Intermodal volumes for U.S. Class I railroads are positive year-over-year for the first time in 2020, excepting anomalous comparisons for the week of July 4 (July 4 fell on a weekend this year, so its impact to freight was dampened). The road to get back to par has been a rocky one, though, as the capacity added back by the Western railroads has lagged their customers’ demand.

 

We expect continued intermodal volume growth through the back half of the year, recurring problems with network balance and more rate inflation. 

 

Truckload carriers are increasingly bullish on contract rates (see Knight-Swift CEO Dave Jackson’s call with Bank of America Merrill Lynch analyst Ken Hoexter) and we believe that given the unpredictability of trucking capacity in the current environment, intermodal has a role to play in giving shippers more options and capacity. Whether the railroads will sort out the deployment of equipment, power, and crews to their networks and service their customers’ freight is another matter.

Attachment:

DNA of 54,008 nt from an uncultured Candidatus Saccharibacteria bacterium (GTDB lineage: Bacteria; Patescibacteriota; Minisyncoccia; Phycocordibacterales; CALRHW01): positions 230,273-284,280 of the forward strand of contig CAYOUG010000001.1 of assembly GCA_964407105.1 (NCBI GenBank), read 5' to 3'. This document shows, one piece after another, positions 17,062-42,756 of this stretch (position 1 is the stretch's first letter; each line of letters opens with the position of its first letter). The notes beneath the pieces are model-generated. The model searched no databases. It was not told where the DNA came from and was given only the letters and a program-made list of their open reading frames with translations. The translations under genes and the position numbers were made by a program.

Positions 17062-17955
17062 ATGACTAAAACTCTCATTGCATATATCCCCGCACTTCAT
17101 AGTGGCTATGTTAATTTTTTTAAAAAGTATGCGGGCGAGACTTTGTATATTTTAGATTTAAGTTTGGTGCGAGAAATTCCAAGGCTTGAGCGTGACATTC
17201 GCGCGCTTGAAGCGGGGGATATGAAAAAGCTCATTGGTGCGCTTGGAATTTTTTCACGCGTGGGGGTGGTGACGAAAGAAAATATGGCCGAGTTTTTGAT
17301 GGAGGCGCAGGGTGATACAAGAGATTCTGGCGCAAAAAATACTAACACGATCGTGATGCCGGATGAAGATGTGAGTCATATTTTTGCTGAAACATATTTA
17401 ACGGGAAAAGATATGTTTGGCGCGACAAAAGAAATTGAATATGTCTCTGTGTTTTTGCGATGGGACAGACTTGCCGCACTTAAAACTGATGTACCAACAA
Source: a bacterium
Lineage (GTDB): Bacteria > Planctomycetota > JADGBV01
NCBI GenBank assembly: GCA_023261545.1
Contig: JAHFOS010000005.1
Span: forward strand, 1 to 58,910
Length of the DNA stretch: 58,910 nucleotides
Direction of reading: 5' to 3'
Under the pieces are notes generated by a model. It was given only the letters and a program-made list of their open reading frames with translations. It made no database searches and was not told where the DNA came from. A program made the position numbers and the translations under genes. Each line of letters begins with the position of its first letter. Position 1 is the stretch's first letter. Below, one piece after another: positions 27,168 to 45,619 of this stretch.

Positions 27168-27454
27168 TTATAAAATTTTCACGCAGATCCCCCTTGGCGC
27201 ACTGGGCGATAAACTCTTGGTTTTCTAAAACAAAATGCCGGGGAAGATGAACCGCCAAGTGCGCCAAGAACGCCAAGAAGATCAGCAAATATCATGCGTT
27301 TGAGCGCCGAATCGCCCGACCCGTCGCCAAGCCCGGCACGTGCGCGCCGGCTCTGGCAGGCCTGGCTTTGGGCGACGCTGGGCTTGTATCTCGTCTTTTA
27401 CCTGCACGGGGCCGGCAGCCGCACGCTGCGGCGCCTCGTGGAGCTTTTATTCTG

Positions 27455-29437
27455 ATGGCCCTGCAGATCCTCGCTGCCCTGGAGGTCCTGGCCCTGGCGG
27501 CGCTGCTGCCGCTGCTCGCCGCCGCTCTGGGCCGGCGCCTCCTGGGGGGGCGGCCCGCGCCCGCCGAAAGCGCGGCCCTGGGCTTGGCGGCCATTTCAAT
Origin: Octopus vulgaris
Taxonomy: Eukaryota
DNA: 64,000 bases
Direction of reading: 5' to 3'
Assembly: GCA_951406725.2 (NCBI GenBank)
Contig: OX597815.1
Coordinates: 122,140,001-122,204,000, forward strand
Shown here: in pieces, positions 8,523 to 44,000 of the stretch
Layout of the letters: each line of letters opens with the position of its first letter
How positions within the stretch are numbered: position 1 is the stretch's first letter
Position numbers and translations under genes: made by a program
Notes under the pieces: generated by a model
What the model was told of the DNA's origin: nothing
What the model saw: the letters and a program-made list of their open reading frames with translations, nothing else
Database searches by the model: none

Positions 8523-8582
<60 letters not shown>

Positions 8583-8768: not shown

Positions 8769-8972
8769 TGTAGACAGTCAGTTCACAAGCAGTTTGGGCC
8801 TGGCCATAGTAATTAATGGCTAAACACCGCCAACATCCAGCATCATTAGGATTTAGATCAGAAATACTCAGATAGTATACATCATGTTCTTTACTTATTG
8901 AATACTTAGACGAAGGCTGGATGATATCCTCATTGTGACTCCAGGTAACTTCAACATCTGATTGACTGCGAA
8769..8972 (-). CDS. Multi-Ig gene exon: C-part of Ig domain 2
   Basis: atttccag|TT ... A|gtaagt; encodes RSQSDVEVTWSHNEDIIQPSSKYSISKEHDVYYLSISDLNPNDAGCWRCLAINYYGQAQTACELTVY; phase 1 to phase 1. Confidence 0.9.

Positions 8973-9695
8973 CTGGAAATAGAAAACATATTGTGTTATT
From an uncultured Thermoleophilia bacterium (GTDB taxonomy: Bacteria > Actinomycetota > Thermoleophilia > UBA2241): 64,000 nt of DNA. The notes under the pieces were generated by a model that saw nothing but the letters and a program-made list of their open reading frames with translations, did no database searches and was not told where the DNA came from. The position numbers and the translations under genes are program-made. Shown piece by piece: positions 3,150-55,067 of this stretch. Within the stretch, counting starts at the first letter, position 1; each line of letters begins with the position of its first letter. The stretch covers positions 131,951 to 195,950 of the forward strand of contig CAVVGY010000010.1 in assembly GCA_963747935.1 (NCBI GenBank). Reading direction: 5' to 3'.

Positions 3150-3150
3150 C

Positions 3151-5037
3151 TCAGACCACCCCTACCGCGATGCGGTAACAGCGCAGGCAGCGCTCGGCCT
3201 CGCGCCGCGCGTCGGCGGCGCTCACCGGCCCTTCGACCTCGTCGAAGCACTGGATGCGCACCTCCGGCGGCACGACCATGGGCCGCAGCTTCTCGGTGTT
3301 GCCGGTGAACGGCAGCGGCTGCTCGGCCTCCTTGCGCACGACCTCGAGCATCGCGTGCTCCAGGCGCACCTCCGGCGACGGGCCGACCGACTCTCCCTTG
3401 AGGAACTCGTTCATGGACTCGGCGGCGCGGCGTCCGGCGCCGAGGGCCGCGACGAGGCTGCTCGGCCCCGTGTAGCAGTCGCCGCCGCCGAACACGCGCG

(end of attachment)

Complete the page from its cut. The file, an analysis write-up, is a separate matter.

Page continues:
Intermodal spot rates out of Dallas are up this week; we believe that Chicago will eventually tighten and rates there will inflate as well as volumes grow. The newly streamlined and rationalized intermodal networks of the PSR era have not yet been tested in a positive year-over-year volume environment; we’re watching especially Union Pacific’s Chicago terminals, reduced from six to three.

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